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PS Engineering celebrates its 30th birthday

The red and black baggy pants in 1986 were supposed to draw attention to PS Engineering, Inc. at the company's shared Fly-Market booth at Oshkosh. Photo courtesy of PS Engineering, Inc.

In the summer of 1985, when the New York Mets’ Dwight Gooden and new Coke were popular topics, electrical and computer engineer Mark Scheuer had an idea that might keep him from yelling at his wife across the cockpit of their recently purchased, but noisy, Grumman Yankee.

Reminiscing about his time as a young pilot in the skies above Minnesota 30 years ago, Scheuer said, “I bought that Grumman and there was no intercom in it. Since I was flying with passengers I started looking for an intercom, but none of them met my standards. My passenger was my wife, Joanie, and basically we had to yell at each other.”

With that thought in mind, PS Engineering Inc. was born with the goal of providing general aviation pilots with solid and reliable cockpit communication.

Eric Persson and Scheuer, the P and S in PS Engineering Inc., started assembling their trademarked aerocom aircraft audio intercoms in a garage. When they made enough units to sell, the pair cranked up business by telling pilots at EAA AirVenture's Fly Market about their new electronic gadget.

Scheuer said they didn’t have enough money for their own booth so they shared a booth with a company that made a Trivial Pursuit game for pilots. “We wanted to get attention so we wore black and red shorts because black and red are our company colors. It was our very first marketing ploy and after that we decided to stick with engineering.”

With their matching striped baggy pants the engineers in the booth looked more like '80s hip-hop artist M.C. Hammer, but they did have several tricks up their sleeves. “We were the very first intercom, ever, to use individually gated microphones,” said Scheuer. “Up until that day, when one intercom was open, they were all open. The aerocom had individual squelch systems for each microphone.”

Company photos show a smiling Scheuer wearing a headset and testing his original units on fold-up tables parked in the garage in front of a lawnmower and a kids’ trampoline. Manufacturing soon graduated from the garage to a basement when word spread about the new aerocom audio control system. They kept the PS product name simple by using their initials because Scheuer said the pair didn’t know if business would take off or not.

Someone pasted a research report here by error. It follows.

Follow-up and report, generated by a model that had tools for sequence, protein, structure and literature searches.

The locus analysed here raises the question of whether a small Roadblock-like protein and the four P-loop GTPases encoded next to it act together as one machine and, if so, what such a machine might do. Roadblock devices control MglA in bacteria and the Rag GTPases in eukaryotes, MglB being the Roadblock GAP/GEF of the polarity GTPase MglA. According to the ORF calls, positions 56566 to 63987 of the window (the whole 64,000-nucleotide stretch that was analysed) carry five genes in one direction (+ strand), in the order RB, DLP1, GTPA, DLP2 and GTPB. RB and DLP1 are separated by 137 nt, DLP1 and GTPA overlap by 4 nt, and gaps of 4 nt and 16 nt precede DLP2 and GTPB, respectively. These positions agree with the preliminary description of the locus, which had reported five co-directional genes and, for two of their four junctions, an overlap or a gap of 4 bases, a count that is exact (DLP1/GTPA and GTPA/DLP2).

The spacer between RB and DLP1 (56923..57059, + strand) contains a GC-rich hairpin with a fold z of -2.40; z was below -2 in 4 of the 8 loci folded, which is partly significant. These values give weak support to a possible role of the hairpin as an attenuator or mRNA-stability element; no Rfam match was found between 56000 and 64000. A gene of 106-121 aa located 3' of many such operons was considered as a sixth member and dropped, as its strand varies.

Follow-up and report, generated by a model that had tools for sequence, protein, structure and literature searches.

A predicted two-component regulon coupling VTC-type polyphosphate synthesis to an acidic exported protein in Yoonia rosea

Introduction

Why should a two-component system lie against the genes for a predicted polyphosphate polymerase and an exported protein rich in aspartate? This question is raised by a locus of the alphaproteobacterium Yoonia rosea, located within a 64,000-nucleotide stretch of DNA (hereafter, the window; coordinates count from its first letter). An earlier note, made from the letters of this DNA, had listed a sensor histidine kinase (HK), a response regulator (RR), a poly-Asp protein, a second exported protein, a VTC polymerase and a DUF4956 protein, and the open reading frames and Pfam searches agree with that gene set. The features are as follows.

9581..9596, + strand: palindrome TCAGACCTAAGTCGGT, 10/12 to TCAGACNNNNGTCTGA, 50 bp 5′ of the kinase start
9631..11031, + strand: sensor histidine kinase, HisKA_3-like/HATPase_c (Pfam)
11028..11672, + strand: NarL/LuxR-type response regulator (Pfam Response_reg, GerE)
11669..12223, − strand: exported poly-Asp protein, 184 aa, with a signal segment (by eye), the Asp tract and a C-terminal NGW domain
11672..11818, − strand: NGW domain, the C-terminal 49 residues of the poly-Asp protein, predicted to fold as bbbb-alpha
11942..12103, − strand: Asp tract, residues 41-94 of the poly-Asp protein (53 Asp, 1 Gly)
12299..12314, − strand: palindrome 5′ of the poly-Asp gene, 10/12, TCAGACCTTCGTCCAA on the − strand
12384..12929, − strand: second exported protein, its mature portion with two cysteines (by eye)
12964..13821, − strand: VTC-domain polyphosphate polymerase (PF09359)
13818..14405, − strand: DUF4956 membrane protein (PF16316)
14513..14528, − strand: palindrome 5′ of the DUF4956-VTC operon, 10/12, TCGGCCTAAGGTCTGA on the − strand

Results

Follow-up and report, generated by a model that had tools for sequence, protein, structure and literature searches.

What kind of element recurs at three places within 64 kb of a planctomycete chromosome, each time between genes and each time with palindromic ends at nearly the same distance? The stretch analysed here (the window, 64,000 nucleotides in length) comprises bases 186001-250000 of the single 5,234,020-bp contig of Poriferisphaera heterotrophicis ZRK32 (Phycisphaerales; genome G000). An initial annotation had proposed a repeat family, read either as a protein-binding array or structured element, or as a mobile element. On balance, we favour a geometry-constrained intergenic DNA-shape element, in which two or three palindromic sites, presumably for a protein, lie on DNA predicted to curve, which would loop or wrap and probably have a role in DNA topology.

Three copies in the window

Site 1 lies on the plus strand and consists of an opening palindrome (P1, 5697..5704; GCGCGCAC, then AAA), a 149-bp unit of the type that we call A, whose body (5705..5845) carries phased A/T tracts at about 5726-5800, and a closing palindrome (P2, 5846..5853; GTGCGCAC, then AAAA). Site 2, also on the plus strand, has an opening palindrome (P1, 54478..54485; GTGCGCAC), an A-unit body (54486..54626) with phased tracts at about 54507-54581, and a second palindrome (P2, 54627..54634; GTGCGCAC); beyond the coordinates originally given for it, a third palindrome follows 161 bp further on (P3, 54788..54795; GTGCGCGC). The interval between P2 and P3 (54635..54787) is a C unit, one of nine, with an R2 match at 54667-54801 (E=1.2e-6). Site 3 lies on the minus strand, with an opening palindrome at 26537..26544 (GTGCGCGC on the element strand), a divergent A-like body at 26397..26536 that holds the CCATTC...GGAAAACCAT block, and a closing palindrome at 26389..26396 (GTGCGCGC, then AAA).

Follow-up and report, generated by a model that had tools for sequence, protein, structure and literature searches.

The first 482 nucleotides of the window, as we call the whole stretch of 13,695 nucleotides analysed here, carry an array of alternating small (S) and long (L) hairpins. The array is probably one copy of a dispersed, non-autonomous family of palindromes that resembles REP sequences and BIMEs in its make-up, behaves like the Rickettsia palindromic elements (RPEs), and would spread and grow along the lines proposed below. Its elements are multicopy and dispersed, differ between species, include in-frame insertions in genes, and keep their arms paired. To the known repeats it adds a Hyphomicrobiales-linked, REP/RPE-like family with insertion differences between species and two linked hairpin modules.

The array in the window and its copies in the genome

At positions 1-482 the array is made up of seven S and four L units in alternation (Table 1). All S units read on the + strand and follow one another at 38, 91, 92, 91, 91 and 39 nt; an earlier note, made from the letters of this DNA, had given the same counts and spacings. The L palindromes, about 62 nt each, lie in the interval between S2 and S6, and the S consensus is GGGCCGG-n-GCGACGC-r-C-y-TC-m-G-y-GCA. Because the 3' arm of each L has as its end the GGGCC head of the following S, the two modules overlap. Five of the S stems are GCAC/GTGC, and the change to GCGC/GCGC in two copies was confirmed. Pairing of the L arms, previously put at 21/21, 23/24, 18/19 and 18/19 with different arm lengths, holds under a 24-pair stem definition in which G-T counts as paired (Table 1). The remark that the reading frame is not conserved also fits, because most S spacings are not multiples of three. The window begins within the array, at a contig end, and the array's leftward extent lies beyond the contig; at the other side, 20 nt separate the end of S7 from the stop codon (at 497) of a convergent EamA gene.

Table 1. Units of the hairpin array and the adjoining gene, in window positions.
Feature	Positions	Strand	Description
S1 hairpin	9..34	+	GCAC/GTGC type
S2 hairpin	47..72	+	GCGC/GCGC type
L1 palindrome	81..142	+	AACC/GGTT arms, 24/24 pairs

During the startup phase, Scheuer was living in Minneapolis and working two jobs—his day job at Hewlett-Packard near buddy Persson, and then evenings on the home work bench making their new-fangled intercom. When HP offered Scheuer a new job in Tennessee the engineer faced a dilemma. “I had the opportunity in 1986 to move from Minneapolis and very cold winters to Knoxville, Tennessee, with very mild winners, so I transferred. It didn’t make any sense to have my partner 800 miles away so I bought Eric out for $500,” Scheuer explained.

Orders started rolling in quickly after the company was featured in a 1987 article on portable intercoms in Aviation Consumer.

Aviation Consumer rated our aerocom ‘golden’ on the spaghetti factor,” Scheuer said. Other portable intercoms on the market had multiple wires snaking around the cockpit making it a challenge for pilots to grab flap handles or work rudder pedals without tangling. 

Meanwhile, PS Engineering’s design introduced wires and jacks exiting from the rear of the units, said Scheuer, making for a neat and tidy system in the cockpit. In 1990 the company introduced its first TSO’d panel-mounted intercom, the PM1000, which filled a communication need for many pilots and flight schools by integrating fully adjustable voice-activated (VOX) circuitry for a pilot and copilot. Now students and their instructors could talk to each other in the cockpit through their headsets while listening for radio calls from air traffic controllers or other pilots all at the same time.

Fast-forwarding to the twenty-first century, the avionics company, based in Lenoir City, Tennessee, has been into outer space aboard SpaceShipOne and now finds itself in a dominant position in the intercom and audio panel market. It counts more than 600 dealer/installers worldwide, but it’s still a tight-knit business that hasn’t strayed far from its roots. In fact, Scheuer said, “It’s my wife Joanie’s voice in the audio panel annunciations.”

The avionics manufacturer is recognized throughout the aviation industry for its patented Soft Mute and Intellivox circuitry, Bluetooth connectivity, and ongoing audio innovations leading up to its flagship PMA450 series audio panel.

The company says on its website that it’s on the lookout for pilot input, and it maintains an e-mail address where the pilot community can submit new ideas that might end up as the next great advance in audio communications.

As PS Engineering Inc. celebrates its thirtieth birthday in 2015, Scheuer said his company continues to focus on its core mission of audio control. "Our marketing is based on the dealers believing in our products and on our customers’ word of mouth. PS Engineering definitely has a fan club that grows every year and that is just the type of grass roots organization we are.”

PS Engineering, Inc. is celebrating its 30th Birthday during EAA AirVenture 2015. Photo by David Tulis/AOPA.

David Tulis
David Tulis
Senior Photographer
Senior Photographer David Tulis joined AOPA in 2015 and is a private pilot with single-engine land and sea ratings and a tailwheel endorsement. He is also a certificated remote pilot and co-host of the award-wining AOPA Hangar Talk podcast. David enjoys vintage aircraft ad photography.
Topics: Avionics, Headsets, Gear

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